“Be imitators of me, as I am of Christ.” 1 Corinthians 11:1

One of my friends said tonight that you imitate those who you look up to.  Growing up as an active kid heavily involved with sports my idols were naturally professional athletes.  I idolized Tom Glavine because like me he was a left-handed pitcher.  I idolized Phil Michelson as a left-handed golfer.  As I got into weightlifting later in life I would idolize figures like Chad Vaughn and Caleb Williams and Chandler Alford and Henry Brower for their capabilities on the competition platform.  I looked up to these men because they exhibited traits that I wanted to exhibit myself.  They were easy idols for me to follow because when they stepped up for perform they always showed up in a big way and seemed almost flawless when they did so.  That’s why Tiger Wood’s fall from grace was so dramatic for so many people.  A once flawless man was revealed to be deeply stained and blemished.

We all imitate the people who have the qualities we desire.  For many of us it’s our parents or our older sibling as well as leaders in areas we’re passionate about.  Business leaders or artists that do what we long to do.  Those are the people we idolize.

Paul plays off this innate human desire when he calls us to imitate him as he imitates Christ.  As I was thinking about the words of my friend tonight that we imitate who we look up to, it dawned on me that so often I idolize imperfect, flawed men as though they are perfect and flawless.  I often will idolize these men at the expense of trying to imitate the one man who was perfect and without fault, Christ.  There is nothing I long for more than intimacy with and impersonation of Jesus Christ.  Why?  Because when it dawned on me all that Christ had done for me I couldn’t help but want to be more like Christ.  Gratitude and fascination were the natural responses to my understanding of the Gospel.  I was floored at both the immense righteousness of Christ and also his power to put that righteousness to work FOR ME!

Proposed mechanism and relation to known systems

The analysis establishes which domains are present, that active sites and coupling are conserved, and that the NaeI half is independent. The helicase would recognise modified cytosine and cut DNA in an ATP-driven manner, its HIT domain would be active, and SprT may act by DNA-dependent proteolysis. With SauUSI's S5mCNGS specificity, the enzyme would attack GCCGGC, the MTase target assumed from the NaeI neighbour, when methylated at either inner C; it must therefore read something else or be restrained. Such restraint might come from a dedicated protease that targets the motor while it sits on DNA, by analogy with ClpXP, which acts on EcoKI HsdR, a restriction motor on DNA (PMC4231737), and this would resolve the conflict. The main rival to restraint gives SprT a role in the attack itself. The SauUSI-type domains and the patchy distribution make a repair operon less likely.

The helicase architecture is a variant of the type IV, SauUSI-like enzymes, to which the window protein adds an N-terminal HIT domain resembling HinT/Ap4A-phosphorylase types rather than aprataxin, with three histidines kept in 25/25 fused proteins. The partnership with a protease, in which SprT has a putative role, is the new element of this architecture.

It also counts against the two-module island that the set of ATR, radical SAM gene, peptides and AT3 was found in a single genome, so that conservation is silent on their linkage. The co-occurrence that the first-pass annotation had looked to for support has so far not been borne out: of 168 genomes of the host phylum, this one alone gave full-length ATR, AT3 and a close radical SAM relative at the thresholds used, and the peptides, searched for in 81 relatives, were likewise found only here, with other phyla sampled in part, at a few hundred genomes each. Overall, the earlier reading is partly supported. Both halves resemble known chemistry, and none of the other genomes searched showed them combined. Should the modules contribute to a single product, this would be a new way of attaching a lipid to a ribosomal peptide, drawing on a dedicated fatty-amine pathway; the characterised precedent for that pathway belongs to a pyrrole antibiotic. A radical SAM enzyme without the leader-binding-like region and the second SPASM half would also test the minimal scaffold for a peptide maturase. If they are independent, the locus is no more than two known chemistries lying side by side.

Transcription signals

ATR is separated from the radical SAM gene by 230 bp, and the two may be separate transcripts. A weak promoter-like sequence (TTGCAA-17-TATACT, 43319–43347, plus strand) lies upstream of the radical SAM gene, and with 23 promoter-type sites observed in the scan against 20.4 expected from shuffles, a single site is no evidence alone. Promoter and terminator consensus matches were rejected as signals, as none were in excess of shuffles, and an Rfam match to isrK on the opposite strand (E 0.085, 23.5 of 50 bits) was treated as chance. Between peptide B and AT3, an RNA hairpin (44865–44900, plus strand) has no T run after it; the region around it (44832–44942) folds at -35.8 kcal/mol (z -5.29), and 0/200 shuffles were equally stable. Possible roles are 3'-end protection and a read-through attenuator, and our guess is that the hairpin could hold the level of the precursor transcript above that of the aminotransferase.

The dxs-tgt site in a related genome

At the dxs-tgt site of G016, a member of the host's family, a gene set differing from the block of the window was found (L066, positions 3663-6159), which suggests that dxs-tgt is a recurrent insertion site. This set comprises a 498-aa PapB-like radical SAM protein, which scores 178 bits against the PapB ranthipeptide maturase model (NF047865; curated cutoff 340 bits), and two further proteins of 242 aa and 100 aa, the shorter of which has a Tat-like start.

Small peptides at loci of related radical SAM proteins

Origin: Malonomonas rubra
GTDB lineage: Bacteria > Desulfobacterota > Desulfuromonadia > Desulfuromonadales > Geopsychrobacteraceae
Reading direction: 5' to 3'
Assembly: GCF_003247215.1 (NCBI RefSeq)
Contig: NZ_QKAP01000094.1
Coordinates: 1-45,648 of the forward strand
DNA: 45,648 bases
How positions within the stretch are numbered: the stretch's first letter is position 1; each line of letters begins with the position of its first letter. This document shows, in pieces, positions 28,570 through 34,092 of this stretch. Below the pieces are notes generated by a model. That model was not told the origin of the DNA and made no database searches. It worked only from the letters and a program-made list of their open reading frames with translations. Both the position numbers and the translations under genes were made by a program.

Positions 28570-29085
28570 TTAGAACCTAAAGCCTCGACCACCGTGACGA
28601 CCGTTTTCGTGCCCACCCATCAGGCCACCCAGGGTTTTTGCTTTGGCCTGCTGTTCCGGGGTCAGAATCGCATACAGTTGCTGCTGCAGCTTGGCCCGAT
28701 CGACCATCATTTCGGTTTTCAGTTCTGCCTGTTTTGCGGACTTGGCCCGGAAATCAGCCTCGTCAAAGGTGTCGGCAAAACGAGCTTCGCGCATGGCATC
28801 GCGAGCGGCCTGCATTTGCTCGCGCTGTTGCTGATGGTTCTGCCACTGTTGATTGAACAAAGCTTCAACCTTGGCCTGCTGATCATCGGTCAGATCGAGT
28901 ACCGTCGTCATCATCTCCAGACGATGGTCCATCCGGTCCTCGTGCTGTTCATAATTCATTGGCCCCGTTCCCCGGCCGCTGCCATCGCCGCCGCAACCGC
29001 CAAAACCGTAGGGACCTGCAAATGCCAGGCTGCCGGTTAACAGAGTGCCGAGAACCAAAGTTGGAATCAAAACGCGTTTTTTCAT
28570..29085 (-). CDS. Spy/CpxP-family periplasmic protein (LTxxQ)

How could I not desire to imitate that?  However, I often find that I am distracted and forget the immeasurable value of Christ and His immeasurable power because I lower my gaze to idolize men or positions held by men.  That’s why I think the second part of Paul’s words are so important, “as I imitate Christ.”  He isn’t saying don’t imitate other men.  He is however saying be sure to give priority to Christ.

We should, if we understand and see all that Christ has done for us, be stricken by Him and desire most to be like Him.  It’s not different than me watching Jordan fly through the air with my jaw on the ground.  We must be stricken with the truth of the Gospel provided to us in Christ so much so that we desire most to be like Jesus.  Imitation is hardwired into our physiology.  It was designed that we might imitate Christ.  We often skew it as we idolize others AT THE COST of imitating Christ.



2 responses to “Imitation

  1. Very cool. Thank you for posting this. It is almost foreign today to hear people express their faith.

  2. Great post sir!! Something that was needed to be said. For me anyways, I tend to find myself idolizing those who are very successful in their job or who make a lot of money and are able to do awesome things with that money. I was just talking to my wife about how I should pursue a job where there is growth and a chance to make more money and she comes back with “we’ll I am happy with where we are” . That and your article really put It in perspective that God is the provider not me, and that I should desire to grow with Him not a business or job. All this to say AMEN brother!! Haha

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